👁 Most recently revised on 16 November 2013 by Pious Eye (David M. Hodges) 👁
Among current books I’m reading, some of which I may even finish someday, is A. W. Pink’s The Sovereignty of God (Chapel Library MOBI edition, available free, as are EPUB and PDF versions). I’m only at the eight percent mark in my reading, but have already run across what strikes me as a non sequitur. Though I would accept the label of “Calvinist” (Believing that, because God is sovereign creator of all that exists, including the entire sweep of time, it is impossible for anything, even the decisions of created persons, to lie outside his eternal decree, how could I reject the label?), I am not invariably pleased with Calvinist arguments. This statement by Pink is one such argument I deem inadequate:
In the final analysis, the exercise of God’s love must be traced back to His sovereignty or, otherwise, He would love by rule; and if He loved by rule, then is He under a law of love, and if He is under a law of love then is He not supreme, but is Himself ruled by law. (loc. 327)
While superficially plausible, this argument involves the same sort of erroneous thinking as claims that God must be above, and so not subject to, the laws of logic and morality. True, making God subject to laws external to himself is unacceptable, but Scripture itself makes God “subject” to the “law” of his own nature, informing us that God “cannot deny himself” (2 Timothy 2:13). God must be logical and moral because logic and morality are expressions of God’s nature. (If you doubt God must be logical, look up the meaning of the Greek term Logos, then see John 1:1. If you then remain unconvinced, Google may help you locate some relevant lectures by Gordon Clark, Ronald Nash, or John Robbins.)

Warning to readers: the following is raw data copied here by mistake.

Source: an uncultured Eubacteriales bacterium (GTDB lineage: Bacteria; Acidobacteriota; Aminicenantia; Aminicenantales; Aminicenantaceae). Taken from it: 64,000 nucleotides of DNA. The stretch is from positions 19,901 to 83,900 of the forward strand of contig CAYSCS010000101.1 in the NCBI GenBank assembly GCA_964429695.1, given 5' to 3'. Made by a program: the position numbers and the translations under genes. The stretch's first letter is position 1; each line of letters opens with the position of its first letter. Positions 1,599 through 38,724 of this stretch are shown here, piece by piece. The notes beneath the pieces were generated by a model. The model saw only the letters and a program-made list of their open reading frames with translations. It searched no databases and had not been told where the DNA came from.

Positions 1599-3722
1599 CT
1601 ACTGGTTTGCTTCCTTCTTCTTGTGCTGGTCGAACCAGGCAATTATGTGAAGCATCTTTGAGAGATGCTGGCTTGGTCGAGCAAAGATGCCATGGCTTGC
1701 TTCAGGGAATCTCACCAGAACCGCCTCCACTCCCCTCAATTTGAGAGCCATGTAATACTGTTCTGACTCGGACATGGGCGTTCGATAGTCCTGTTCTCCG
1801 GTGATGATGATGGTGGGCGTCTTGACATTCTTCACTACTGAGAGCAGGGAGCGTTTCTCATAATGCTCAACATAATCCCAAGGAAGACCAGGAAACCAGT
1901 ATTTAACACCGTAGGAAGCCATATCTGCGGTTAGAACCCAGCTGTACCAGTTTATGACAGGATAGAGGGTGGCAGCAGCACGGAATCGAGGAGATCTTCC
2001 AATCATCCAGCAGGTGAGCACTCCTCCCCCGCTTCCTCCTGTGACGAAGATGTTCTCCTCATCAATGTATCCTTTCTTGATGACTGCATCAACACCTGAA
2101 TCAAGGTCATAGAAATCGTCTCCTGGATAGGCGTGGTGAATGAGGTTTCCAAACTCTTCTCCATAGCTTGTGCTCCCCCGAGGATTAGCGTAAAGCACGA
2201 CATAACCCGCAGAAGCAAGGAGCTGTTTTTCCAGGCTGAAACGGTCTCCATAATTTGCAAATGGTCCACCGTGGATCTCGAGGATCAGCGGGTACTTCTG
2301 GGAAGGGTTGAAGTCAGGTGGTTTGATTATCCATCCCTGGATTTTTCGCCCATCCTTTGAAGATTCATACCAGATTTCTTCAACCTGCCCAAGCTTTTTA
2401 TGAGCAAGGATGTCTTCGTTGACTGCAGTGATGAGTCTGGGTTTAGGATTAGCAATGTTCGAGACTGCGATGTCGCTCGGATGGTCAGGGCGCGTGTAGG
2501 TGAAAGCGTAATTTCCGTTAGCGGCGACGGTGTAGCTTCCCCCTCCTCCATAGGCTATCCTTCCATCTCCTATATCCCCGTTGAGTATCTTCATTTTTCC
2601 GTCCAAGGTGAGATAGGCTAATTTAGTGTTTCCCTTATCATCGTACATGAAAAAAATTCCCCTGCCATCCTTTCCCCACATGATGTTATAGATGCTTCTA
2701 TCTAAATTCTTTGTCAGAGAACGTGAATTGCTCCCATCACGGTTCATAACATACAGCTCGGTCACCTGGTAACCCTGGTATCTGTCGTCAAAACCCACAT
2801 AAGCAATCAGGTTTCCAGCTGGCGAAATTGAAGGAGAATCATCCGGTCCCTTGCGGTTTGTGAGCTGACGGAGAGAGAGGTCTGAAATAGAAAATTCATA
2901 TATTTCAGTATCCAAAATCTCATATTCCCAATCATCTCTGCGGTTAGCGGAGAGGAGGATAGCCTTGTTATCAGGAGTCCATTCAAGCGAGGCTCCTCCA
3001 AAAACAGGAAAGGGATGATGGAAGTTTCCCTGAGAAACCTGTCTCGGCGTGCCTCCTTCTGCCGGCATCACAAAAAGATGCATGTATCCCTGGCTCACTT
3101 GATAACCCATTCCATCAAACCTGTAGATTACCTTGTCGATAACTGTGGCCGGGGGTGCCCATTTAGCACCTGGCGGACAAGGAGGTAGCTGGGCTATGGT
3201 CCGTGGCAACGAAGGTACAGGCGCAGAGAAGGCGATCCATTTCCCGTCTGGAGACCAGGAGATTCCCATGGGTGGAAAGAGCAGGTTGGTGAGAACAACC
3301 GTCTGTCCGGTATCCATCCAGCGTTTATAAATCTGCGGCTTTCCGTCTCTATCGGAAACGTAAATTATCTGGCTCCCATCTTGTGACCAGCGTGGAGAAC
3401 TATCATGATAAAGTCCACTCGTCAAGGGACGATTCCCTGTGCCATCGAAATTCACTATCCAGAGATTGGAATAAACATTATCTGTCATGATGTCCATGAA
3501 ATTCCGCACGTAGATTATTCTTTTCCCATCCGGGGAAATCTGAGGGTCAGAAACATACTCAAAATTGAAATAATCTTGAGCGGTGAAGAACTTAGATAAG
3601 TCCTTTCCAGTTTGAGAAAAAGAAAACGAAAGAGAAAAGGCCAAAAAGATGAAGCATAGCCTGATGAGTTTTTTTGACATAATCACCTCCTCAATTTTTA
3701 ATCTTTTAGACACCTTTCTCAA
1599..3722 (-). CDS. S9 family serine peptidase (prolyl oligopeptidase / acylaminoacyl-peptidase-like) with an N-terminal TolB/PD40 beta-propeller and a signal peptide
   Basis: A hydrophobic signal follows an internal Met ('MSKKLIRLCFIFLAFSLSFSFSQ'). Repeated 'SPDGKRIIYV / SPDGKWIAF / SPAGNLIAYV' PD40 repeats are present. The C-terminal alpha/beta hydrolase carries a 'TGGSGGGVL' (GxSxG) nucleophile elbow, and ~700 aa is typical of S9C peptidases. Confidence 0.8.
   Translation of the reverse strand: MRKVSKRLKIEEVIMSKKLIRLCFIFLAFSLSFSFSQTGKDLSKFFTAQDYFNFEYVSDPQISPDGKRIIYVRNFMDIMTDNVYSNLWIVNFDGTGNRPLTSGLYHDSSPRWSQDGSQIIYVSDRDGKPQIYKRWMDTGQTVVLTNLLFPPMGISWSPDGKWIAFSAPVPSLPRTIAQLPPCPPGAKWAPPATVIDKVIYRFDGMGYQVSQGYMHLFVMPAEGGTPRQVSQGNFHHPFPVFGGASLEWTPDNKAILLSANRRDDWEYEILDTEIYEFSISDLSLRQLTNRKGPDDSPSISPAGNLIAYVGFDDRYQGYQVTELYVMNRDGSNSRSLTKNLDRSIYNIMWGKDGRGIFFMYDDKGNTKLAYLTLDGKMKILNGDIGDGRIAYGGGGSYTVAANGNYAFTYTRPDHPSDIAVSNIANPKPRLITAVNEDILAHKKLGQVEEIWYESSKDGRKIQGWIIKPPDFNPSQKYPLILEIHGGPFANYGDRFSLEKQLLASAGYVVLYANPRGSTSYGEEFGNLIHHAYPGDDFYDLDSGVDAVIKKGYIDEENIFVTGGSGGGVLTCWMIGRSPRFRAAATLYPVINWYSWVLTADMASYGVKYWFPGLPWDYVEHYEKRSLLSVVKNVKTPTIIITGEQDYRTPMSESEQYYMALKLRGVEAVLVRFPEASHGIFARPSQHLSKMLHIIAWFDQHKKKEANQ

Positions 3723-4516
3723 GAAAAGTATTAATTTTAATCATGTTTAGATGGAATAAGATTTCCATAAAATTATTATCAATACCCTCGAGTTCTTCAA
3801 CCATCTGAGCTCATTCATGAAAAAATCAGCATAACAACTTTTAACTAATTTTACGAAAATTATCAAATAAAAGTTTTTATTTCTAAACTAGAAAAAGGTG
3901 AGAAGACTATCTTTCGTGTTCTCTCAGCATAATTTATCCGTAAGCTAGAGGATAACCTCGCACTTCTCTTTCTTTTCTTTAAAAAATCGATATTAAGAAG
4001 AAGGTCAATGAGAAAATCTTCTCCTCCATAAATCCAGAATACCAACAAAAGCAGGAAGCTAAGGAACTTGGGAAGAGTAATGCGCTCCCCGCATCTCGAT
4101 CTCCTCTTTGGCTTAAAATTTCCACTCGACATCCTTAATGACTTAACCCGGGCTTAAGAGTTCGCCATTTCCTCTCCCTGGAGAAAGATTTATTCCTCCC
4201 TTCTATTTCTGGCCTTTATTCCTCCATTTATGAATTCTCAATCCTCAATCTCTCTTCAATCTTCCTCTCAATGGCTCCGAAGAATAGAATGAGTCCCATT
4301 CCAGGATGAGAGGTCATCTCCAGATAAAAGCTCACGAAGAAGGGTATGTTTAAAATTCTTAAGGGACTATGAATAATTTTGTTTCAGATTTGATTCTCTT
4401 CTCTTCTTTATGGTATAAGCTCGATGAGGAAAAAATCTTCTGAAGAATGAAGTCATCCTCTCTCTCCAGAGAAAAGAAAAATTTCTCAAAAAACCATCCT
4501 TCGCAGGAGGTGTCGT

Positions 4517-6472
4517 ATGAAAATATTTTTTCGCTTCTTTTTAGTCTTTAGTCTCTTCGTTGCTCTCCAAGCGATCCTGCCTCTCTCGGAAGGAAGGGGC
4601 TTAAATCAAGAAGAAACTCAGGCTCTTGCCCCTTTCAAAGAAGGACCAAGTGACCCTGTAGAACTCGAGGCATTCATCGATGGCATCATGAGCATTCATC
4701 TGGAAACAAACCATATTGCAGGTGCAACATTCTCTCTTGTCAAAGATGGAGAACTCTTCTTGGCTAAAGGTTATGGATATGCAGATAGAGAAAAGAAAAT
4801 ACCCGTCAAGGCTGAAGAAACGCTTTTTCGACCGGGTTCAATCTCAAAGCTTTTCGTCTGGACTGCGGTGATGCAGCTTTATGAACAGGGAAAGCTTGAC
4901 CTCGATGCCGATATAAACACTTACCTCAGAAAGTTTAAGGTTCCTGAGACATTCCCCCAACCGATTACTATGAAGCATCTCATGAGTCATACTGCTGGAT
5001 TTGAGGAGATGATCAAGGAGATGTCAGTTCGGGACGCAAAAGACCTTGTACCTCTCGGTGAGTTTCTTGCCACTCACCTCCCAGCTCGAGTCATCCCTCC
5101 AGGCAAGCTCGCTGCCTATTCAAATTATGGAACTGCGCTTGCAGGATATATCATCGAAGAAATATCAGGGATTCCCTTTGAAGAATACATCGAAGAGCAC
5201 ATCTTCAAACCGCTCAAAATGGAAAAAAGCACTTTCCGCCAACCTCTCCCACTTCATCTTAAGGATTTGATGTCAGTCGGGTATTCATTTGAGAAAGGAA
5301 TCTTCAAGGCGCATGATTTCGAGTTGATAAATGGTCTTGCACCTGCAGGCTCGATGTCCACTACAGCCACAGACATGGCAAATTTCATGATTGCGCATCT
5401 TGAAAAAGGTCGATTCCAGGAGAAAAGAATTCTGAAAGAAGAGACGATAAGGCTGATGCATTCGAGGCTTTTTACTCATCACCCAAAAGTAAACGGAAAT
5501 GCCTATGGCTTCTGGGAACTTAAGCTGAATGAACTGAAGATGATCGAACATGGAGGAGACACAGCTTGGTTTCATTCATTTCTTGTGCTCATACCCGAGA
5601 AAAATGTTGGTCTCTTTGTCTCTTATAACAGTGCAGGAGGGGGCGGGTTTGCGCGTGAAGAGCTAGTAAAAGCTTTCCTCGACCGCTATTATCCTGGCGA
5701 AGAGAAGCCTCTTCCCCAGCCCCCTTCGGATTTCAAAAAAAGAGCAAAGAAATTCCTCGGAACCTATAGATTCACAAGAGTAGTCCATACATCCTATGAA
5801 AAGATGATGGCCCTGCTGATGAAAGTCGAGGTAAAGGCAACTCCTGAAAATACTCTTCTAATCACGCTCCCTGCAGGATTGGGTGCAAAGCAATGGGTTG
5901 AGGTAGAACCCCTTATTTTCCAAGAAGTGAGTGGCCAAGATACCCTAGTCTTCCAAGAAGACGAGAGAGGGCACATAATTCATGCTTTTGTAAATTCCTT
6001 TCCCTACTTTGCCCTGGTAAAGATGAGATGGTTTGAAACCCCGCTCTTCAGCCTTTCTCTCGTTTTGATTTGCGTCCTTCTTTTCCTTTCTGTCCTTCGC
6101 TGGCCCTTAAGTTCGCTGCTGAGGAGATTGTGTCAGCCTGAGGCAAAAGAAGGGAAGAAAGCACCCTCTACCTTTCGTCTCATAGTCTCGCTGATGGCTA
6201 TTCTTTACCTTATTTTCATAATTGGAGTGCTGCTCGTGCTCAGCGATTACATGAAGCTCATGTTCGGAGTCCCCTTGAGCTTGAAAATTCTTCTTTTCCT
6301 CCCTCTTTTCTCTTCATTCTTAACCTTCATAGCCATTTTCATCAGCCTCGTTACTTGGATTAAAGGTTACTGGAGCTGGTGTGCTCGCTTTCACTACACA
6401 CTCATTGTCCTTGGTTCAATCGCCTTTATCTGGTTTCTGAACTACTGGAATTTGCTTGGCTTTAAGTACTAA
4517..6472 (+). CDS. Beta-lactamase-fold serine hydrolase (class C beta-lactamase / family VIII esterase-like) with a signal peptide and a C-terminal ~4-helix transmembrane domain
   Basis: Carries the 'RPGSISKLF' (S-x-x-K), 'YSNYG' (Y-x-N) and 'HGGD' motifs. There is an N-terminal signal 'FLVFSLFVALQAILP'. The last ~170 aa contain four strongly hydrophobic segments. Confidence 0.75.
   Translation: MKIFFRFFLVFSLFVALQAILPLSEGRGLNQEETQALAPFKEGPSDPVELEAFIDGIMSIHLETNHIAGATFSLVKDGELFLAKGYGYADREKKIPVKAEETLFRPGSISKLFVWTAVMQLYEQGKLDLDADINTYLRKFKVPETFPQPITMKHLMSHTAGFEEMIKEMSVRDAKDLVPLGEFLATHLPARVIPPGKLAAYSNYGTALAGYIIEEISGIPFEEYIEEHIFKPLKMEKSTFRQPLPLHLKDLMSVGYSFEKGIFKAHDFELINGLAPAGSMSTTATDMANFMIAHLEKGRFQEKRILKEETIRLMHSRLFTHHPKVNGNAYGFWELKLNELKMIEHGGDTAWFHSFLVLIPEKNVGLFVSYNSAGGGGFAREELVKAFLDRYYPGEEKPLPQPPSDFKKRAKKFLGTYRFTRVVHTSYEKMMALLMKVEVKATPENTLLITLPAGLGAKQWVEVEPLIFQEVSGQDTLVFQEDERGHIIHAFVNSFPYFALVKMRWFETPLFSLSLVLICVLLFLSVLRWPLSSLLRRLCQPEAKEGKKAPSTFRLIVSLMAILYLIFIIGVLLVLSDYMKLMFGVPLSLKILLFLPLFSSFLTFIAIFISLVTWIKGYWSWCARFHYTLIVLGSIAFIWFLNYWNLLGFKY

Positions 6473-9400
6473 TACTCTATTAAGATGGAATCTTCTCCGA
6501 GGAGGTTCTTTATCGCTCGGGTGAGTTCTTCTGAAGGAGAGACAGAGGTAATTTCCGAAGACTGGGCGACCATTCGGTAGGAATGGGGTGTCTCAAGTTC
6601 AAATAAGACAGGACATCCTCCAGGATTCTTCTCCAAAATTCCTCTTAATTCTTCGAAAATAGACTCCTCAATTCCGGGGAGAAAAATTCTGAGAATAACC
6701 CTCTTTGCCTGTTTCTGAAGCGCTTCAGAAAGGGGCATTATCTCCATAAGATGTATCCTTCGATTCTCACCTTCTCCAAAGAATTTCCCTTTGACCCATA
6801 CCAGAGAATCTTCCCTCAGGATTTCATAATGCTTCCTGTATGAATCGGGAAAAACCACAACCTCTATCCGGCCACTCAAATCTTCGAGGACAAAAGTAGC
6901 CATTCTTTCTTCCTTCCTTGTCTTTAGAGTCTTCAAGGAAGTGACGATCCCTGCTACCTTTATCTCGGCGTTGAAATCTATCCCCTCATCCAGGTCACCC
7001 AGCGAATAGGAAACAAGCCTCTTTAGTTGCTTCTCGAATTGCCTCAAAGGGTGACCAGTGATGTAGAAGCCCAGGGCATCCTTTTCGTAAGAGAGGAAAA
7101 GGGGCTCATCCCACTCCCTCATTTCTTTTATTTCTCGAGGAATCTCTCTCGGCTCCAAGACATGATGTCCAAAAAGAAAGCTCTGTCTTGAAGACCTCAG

Since God himself informs us through John that he “is love” (1 John 4:8), we know that love is also an expression of God’s nature. Of course, it may be that this only means that God must, “by rule” (rule of his own nature), love someone, something for which the three persons of the Godhead would suffice. So, recognizing that Pink’s conclusion that “God’s love must be traced back to His sovereignty” does not follow from the true premise that God cannot be subject to any law outside himself (since “a law of love” is inherent in God’s own nature) does not obligate us to adopt universalism, Arminianism, or any other anti-Calvinist opinion. It does, however, make this argument of Pink’s valueless as support for Calvinism.